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The split-second skill of a figure skating prodigy: Kurt Browning. (1989 Maclean's Honor Roll)

Source: Maclean's, v102 n52 p38(2).
Date: December 25, 1989
Author: D'Arcy Jenish and Brian Willer

Full Text COPYRIGHT Maclean Hunter Ltd. (Canada) 1989

THE SPLIT-SECOND SKILL OF A FIGURE SKATING PRODIGY

kurt flag

He was introduced to thousands of Canadians, in 16 cities across the country this fall, as "the amazing Mr. Kurt Browning, the 1989 Men's World Figure Skating Champion." Usually, a single spotlight illuminated his solitary figure slumped over a wood-and-metal chair at centre ice. The moment the upbeat music began, Browning was up swirling, soaring, leaping. During his two-minute routine, he was a mesmerizing punk in a black leather jacket, white shirt, fingerless gloves and blue jeans. He performed a triple jump, a backflip and his trademark quadruple jump. Everywhere he performed, as a star of the Champions on Ice touring show, Browing was showered with prolonged applause. In part, those performances were warm-ups for the 1990 world championships in Halifax in March, where Browning aims to become the first Canadian male ever to win two consecutive world figure skating titles. But they were also simply expressions of the joy of skating, which Browning says that he feels when he is flying free before a crowd.

Still only 23, his enthusiasm has helped him to compile an impressive list of victories. He captured the Canadian novice, junior and national championships, a feat previously achieved only by Brian Orser, the 1987 world champion. Then, in March in Paris, Browning became the fourth Canadian in 78 years to win the men's world title. Despite his artistry, he acknowledges that men's figure skating is so competitive that any of the top five skaters in the world can capture the crown. But he insists that he loves the pressure and intensity of world-class competition. "I have an inner confidence in myself that says if I'm the best I can be, I will probably win," he says.

When he is not competing or touring, Browning spends 5 1/2 hours a day on the ice at Edmonton's Royal Glenora Club, training under coach Michael Jiranek and choreographer Kevin Cottam. There, he practises his quadruple jump, the spectacular, split-second move that Browning was the first to perform in competition. The entire action, including the jump, four revolutions and landing, takes only eight one-hundredths of a second to complete. "If my takeoff is right, I know it will be a sweet jump," he says. "It's like hitting a tennis ball with the sweet part of the racket."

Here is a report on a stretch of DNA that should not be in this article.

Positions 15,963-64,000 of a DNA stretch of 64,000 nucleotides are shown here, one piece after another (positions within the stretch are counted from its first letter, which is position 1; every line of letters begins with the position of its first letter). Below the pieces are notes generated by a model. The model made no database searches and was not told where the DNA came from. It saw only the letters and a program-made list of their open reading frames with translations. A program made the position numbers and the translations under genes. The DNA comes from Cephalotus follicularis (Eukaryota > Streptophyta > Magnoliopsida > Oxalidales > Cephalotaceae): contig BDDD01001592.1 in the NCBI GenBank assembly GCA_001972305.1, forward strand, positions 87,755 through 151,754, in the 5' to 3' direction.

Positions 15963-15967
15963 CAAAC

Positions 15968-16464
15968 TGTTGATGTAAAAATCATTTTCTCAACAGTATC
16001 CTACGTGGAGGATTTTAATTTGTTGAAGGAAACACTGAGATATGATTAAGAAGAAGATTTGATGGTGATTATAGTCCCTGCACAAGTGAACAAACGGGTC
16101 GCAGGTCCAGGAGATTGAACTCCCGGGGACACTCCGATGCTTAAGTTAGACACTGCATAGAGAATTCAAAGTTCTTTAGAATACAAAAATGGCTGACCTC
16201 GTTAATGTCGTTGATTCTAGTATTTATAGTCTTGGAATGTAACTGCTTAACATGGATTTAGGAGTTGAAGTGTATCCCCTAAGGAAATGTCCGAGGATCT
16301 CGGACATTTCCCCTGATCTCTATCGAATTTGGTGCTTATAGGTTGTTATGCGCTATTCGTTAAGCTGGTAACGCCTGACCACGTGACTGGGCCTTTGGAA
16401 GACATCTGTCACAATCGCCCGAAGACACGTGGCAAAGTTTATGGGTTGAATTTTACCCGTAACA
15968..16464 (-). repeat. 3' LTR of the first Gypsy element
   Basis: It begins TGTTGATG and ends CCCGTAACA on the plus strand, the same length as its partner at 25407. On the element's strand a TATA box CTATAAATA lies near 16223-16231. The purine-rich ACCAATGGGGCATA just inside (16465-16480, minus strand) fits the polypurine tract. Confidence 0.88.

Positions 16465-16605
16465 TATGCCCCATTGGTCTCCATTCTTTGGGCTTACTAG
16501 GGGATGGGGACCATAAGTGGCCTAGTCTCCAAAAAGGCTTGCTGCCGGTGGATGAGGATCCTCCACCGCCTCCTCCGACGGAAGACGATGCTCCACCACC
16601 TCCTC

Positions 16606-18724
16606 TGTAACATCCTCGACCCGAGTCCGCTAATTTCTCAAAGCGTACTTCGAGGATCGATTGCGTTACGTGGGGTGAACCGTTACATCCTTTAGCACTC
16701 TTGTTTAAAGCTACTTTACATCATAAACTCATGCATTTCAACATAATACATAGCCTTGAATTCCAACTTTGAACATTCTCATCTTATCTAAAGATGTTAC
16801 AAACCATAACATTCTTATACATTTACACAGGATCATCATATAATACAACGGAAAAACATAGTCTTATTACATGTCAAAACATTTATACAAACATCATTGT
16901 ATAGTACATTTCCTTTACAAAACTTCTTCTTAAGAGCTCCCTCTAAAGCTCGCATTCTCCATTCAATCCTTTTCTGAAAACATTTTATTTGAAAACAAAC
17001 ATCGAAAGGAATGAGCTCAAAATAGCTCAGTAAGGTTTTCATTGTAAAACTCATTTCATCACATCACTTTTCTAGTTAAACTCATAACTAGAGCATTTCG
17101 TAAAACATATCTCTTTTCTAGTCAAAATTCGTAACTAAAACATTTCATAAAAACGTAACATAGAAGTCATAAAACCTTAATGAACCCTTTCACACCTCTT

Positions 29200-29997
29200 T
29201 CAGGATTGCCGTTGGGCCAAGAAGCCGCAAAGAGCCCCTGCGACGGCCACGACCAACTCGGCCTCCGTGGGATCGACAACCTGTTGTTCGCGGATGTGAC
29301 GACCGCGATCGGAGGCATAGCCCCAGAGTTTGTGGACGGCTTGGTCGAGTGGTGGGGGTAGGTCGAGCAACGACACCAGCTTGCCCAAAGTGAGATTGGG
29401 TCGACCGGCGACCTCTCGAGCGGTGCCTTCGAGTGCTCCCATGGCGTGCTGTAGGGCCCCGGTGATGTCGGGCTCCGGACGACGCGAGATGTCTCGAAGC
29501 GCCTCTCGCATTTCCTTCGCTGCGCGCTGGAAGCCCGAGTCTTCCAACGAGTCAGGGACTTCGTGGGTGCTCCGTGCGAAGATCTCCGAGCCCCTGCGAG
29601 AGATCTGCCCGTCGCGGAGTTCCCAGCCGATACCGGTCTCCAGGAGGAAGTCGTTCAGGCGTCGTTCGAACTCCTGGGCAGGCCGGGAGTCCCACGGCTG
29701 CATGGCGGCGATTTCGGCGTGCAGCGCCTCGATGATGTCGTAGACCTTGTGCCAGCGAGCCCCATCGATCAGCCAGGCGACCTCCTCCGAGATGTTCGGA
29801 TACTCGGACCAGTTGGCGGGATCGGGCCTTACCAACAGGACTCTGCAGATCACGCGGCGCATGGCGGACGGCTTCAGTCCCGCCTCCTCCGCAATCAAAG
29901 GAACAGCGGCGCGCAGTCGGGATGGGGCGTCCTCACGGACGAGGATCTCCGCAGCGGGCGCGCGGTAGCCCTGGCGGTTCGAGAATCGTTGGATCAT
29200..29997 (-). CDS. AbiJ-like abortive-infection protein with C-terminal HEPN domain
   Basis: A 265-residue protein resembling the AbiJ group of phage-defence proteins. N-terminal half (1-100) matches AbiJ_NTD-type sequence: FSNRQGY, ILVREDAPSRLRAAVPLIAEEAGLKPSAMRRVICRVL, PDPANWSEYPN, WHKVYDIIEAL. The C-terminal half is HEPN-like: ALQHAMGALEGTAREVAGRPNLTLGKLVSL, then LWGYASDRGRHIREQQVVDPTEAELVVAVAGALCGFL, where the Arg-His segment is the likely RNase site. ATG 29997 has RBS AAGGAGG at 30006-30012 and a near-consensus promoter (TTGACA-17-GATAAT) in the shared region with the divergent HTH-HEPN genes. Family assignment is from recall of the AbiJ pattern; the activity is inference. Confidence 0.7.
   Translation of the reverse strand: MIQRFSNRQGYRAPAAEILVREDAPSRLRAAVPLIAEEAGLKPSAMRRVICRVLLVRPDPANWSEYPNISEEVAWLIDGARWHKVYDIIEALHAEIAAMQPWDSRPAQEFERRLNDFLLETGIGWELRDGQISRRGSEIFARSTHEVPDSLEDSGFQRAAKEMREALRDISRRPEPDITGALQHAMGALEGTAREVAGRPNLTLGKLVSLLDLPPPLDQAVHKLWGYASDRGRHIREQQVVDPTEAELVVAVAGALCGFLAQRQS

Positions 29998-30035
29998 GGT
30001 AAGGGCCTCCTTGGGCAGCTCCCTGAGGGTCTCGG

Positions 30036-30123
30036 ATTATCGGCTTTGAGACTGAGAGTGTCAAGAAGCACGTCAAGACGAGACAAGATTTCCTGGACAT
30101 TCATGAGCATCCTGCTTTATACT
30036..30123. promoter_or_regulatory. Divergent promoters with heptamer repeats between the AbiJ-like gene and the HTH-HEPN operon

Browning began to learn about the sweet feeling as a boy in Caroline, Alta., a town of 450 people in the foothills of the Rocky Mountains 130 km northwest of Calgary. He learned to skate at age 6 on a backyard rink flooded by his father, a hunting guide who is now retired. Until he was 15, Browning was a slick, high-scoring centre in minor hockey and he took up figure skating to improve his hockey skills. He gave up hockey to avoid injury and because figure skating had become too time-consuming. But he still combines his power as an athlete and a competitor with his gifts as an entertainer.

Browning, who lives in Edmonton with his older brother, Wade, and likes dating women he meets in the skating world, regards training as work. When he steps onto the ice for a competition, he says that he feels he is on vacation. "I love being in front of a crowd," he says. And the crowds have come to love him. After every appearance with the Champions on Ice, the skater was mobbed by teenage girls for autographs. Now, whether he wins or loses in Halifax, the many people who have thrilled to his skill know that Kurt Browning has already elevated the sport of skating to exciting new heights of artistry.